An original oil painting by William Hole went under the hammer (8th September, 2011) but failed to sell. Described as: “Straggler from Chevalier’s Army, is signed and dated 1888. Guide price: £4k-£6k.”
Our own research has identified a similar painting, A Straggler of the Chevalier’s Army, was in fact exhibited by Hole at the Royal Scottish Academy in 1880. It was described by Wilfrid Meynell (1897) as: ‘”A Straggler from the Chevalier’s Army,” is a singularly vivid incident of the past – a passage of life which the artist would almost seem to have witnessed, so much familiarity and activity is there in his conception of the accidents of the scene. A wounded Highlander is attacked by the tagrag of an English village, and turns at bay. Here, too, the quality of movement is remarkable.’
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A stunning set of murals, decorating the entrance hall of the Scottish National Portrait Gallery, is to be cleaned for the first time in a quarter of a century, as part of a conservation project. The gallery has been closed for major refurbishment; completion of the cleaning is due to coincide with its reopening on 30 November.
On 29th June, 2011 William Hole’s painting, The Sleeping Minstrel of 1873 (it has not been exhibited under this title at the R.A. or R.S.A.), was auctioned by Christie’s in London. It had a guide price of £1-1.5k but went unsold on the day.
William Hole’s painting of Orpheus playing the harp has been sold through eBay. This painting was exhibited at the Royal Academy in 1939, many years after Hole’s death, by Miss Elsie Hole. There was a great deal of interest amongst collectors for this original oil painting which sold for £1,564.56. The auction closed on 17th April, 2011.
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William Hole’s 1896 Royal Scottish Academy exhibit recently went under the hammer through eBay, creating great interest amongst collectors. The auction of this original oil painting closed at £1,431 showing there is still real appetite for his work.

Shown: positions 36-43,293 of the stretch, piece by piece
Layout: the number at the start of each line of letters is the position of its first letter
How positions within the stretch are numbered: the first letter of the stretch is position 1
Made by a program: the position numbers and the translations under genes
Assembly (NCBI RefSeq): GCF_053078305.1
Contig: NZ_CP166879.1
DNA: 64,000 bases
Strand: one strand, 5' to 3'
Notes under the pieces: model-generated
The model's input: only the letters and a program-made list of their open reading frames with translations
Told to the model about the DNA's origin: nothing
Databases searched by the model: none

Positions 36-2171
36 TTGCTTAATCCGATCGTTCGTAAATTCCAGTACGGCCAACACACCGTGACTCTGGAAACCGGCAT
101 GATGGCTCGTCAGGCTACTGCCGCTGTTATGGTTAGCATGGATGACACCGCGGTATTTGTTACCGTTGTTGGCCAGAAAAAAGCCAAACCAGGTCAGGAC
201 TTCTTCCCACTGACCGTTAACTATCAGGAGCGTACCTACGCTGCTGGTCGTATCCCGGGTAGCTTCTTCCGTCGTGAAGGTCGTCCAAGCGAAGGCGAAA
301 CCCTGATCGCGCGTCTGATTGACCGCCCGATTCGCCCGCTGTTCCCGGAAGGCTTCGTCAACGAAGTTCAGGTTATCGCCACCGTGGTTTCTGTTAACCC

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The processional frieze in the Portrait Gallery (the work of William Hole) represents 155 of the greatest men and women from Scottish history. The Gallery is inviting donors to support the Portrait of the Nation project by adopting one of the figures from Scotland’s past.
The beautifully detailed mural mapping the night sky which William Hole painted in the late 1890s as a ceiling decoration within the Scottish National Portrait Gallery in Edinburgh, is currently the focus of a major fundraising initiative. Supporters can sponsor one of the 2,222 stars depicted in the mural to help raise funds for the £17.6m refurbishment.
The William Hole website was first launched in April 2010. Thank you to everyone who has supported the site by visiting, providing information and giving generous donations over the intervening period; it is very much appreciated.
Research into William Hole’s life and work has gathered momentum over the past 20 months and, in many ways, we have now outgrown the format of the original site. As such, we are entering phase two of our website development.
Initially, this site (www.william-hole.co.uk) will run in parallel with the main website at www.williamhole.co.uk but, once completed and tested, the domain name you are currently visiting will cease and the new site will be moved across to the familiar location. In the meantime, we hope you like the look and feel of the new website and thanks again for your interest in the work of William Hole.